Volvo Cars pilots ground-breaking 'Roam Delivery' service
Volvo Cars demonstrates the potential of connected cars with deliveries direct to people’s cars
- Digital keys now make it possible to transform the car into a delivery pickup and drop-off zone
- Over half of people (60%) experienced delivery problems through online shopping last year
- Failed first-time deliveries cost the industry an estimated €1billion in re-delivering costs
In a ground-breaking technology move for the automotive industry, Volvo Cars demonstrates the world’s first delivery of food to the car – a new form of ‘roam delivery’ services. The service, which will be showcased at the Mobile World Congress in Barcelona, will allow consumers to have their shopping delivered straight to their car, no matter where they are.
Volvo’s new digital keys technology means that car owners will be able to choose their car as a delivery option when ordering goods online. Via a smartphone or a tablet, the owner will be informed when a delivery company wants to drop off or pick up something from the car.
Having accepted the delivery, he or she then hands out a digital key and can track when the car is opened and then locked again. Once the pick-up or drop-off is completed, the digital key ceases to exist. The system is based on the functionality of the telematics app Volvo On Call, which, among other things, makes it possible to remotely heat or cool the car and see its position or fuel level via the mobile phone.
The technology was trialled during a pilot programme of 100 people, 86% of which agreed that ‘roam delivery’ saved them time. The innovative use of ‘digital keys’ will now make it possible to save time, money and reduce environmental impact, following completion of the first tests of the concept.
With connected services such as “roam delivery”, the future car will be much more than just means of transportation. Earlier this year Volvo Cars launched Sensus Connect, an integrated on board navigation and infotainment experience. Volvo Cars’ strategic partnership with Ericsson builds further on the idea of the Networked Society by examining a host of consumer centric concepts around the “Connected Vehicle Cloud” that will see the driving experience revolutionized over the coming years.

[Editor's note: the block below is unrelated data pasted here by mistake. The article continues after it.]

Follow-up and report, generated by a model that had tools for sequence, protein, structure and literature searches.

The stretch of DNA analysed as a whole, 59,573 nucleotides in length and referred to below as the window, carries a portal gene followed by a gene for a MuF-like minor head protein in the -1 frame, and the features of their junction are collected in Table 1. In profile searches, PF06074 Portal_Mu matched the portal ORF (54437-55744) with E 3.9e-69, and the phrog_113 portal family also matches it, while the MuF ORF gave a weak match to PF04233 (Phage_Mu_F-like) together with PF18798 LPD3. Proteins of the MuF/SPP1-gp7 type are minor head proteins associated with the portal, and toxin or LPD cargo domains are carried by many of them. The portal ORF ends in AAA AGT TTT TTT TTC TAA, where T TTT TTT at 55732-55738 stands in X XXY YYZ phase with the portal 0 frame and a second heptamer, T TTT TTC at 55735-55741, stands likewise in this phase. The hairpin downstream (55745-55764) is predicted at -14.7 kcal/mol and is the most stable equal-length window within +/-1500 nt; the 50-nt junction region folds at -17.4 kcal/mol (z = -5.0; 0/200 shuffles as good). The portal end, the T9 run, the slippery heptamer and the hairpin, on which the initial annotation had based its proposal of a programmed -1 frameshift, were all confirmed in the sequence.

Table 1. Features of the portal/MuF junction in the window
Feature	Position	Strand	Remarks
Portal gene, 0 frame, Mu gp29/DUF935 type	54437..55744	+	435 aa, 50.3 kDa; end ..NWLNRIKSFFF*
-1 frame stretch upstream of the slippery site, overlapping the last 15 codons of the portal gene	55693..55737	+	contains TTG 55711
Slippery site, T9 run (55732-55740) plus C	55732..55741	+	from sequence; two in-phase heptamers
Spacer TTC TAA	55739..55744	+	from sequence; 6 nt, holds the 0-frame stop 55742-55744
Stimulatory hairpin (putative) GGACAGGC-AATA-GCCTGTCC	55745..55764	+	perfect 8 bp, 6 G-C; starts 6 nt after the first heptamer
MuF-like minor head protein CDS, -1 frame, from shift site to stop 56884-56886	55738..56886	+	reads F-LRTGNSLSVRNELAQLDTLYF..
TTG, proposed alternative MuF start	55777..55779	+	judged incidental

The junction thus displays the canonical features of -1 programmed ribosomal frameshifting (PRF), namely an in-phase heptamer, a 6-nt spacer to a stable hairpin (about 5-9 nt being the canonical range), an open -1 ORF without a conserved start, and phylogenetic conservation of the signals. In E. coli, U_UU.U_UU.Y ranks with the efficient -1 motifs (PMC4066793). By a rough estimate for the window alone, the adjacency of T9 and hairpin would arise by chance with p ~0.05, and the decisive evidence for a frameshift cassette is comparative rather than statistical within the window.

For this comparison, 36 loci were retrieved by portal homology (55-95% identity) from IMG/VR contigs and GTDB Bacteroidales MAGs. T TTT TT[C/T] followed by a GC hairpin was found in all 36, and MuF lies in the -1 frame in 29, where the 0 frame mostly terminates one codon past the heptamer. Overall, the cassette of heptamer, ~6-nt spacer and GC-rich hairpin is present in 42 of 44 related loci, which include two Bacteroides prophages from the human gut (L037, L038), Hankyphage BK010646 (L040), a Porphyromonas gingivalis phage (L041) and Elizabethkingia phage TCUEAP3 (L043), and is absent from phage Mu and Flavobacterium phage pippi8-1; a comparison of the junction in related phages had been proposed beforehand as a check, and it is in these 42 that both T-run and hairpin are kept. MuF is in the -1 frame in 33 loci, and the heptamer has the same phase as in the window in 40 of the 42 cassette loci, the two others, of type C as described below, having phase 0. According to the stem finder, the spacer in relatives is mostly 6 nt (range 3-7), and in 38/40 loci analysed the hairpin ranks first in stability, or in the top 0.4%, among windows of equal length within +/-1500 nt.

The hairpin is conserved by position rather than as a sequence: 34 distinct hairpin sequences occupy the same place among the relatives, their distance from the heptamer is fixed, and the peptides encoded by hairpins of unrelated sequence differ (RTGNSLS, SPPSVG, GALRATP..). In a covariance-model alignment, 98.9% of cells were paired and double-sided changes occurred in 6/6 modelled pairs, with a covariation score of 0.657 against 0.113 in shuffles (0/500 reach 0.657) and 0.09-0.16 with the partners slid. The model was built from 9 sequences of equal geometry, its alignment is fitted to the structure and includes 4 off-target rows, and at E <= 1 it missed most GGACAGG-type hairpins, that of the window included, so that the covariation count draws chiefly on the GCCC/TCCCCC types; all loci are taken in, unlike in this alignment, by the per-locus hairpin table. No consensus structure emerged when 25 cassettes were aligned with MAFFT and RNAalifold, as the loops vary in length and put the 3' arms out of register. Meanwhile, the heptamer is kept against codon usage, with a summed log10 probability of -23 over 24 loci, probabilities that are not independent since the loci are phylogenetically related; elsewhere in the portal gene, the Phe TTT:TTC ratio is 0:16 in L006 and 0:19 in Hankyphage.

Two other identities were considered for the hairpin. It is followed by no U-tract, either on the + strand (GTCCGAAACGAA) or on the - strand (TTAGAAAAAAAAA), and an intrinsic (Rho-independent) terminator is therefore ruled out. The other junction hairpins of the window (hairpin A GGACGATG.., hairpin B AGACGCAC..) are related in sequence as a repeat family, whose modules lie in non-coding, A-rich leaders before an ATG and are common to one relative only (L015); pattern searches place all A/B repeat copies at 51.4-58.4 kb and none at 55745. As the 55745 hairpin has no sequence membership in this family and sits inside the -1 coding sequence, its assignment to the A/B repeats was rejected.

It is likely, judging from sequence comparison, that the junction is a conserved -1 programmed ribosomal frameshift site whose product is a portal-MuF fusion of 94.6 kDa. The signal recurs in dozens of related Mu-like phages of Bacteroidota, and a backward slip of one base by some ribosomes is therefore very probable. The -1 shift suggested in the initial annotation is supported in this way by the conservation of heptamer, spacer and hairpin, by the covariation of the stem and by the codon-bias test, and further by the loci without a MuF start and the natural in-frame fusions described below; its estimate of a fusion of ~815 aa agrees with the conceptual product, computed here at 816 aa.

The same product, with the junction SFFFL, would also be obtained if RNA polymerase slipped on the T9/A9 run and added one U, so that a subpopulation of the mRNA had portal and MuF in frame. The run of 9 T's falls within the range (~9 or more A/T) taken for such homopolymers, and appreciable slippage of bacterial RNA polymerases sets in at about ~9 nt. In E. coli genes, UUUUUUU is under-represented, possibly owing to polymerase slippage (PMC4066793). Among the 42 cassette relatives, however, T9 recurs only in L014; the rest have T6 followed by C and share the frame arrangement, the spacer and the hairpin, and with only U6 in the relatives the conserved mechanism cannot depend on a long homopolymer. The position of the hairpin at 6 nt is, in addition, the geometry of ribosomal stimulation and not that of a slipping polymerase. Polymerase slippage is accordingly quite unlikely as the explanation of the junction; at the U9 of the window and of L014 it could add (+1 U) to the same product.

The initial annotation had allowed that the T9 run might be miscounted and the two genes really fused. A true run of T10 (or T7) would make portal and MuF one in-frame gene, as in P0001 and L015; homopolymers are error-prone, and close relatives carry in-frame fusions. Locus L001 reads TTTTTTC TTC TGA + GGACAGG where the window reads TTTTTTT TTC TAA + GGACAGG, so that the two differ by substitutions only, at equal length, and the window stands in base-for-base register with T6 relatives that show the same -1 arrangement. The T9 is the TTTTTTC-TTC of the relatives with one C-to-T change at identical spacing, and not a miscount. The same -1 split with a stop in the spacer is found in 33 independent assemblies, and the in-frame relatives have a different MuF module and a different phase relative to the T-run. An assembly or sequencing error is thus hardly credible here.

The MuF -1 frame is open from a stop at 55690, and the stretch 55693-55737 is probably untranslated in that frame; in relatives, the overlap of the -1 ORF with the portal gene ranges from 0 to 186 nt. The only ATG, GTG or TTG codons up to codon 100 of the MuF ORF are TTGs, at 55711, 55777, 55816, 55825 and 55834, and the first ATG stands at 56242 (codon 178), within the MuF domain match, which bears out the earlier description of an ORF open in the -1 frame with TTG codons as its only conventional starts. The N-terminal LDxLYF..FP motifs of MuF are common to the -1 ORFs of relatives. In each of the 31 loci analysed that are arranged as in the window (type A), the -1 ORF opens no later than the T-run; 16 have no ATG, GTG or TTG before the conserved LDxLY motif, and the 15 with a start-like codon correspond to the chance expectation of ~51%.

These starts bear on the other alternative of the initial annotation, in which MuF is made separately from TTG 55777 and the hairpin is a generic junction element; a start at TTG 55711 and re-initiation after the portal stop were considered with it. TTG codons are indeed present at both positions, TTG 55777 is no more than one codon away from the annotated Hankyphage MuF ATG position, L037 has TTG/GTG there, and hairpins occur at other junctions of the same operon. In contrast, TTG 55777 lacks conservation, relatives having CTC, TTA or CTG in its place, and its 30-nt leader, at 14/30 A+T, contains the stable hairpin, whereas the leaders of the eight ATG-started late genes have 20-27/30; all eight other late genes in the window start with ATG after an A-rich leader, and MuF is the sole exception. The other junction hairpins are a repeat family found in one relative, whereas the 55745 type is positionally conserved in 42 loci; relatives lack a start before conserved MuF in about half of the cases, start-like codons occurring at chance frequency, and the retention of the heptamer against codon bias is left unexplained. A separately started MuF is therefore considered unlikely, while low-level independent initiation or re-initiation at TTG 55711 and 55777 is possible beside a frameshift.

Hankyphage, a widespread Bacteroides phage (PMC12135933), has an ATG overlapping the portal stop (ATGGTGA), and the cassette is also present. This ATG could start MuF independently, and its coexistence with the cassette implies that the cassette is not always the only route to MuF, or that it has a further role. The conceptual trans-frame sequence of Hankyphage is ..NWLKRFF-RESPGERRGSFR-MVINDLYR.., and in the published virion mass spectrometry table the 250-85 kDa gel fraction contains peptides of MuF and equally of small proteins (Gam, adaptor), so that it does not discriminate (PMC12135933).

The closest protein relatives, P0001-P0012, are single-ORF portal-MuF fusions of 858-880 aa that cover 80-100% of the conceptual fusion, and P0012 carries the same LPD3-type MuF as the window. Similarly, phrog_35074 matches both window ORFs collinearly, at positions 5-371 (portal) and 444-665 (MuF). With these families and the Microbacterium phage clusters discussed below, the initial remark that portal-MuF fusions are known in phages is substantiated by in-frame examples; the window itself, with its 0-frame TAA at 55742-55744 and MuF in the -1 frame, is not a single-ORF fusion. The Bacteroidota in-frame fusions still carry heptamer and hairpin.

Saving time and reducing stress
Last year, 60% of people shopping online had problems with the delivery of their item. Research revealed that people across the globe feel increasingly stressed in their daily lives. In a report from Future Foundation, all of the countries studied showed an increase from 2010 to 2011 when responding to the statement “I’m often under time pressure in my daily life”.
Despite the rise of online shopping, research has also revealed that over a half of people are not at home to receive online deliveries, leading to further hassle and time wasted through failed deliveries. Consequently, consumers feels significantly restricted, find their day to day significantly disrupted which results in unnecessary and avoidable constraints on the most precious of commodities, time.
Deliveries directly to car, allowing for ‘roam delivery’ is one example where Volvo Cars explores the potential of connected cars to create solutions which will simplify the customers' everyday lives. The pilot programme has also revealed 92% of people found it more convenient to receive deliveries to their car than at home.
New possibilities to deliver to where persons are – not places
“By turning the car into a pickup and drop-off zone through using digital keys we solved a lot of problems since it’s now possible to deliver the goods to persons and not to places. The test-customers also indicated that the service clearly saved time. And the same thing is valid for delivery companies a well! Because failed first-time deliveries cost the industry an estimated €1billion in re-delivering costs. We are now further investigating the technology of digital keys and new consumer benefits linked to it," says Klas Bendrik, Group CIO at Volvo Car Group.
“It's all about finding solutions that are intuitive and easy to use and that create benefits in the everyday lives of our customers. The important thing is to make these complex and advanced systems easy to understand for everyone, even behind the wheel. Deliveries directly to the car are just one first example of that," says Klas Bendrik.
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Notes to Editor
Today, we can see how our devices are becoming seamlessly linked to one big ecosystem. This ecosystem will likely change the way we own cars, the way we drive cars, but also change what the car can do for you - even when parked.
With Volvo Sensus Connect, the car owner now has access to a variety of cloud-based services. Among other things, Volvo drivers are now able to find and pay for parking from the car, locate restaurants, stream music and much more.
During Mobile World Congress in Barcelona, Volvo Cars will demonstrate the full potential and range of services with Sensus Connect, including deliveries to the car, to selected media in Ericsson's stand on Monday 24th and Tuesday 25th of February.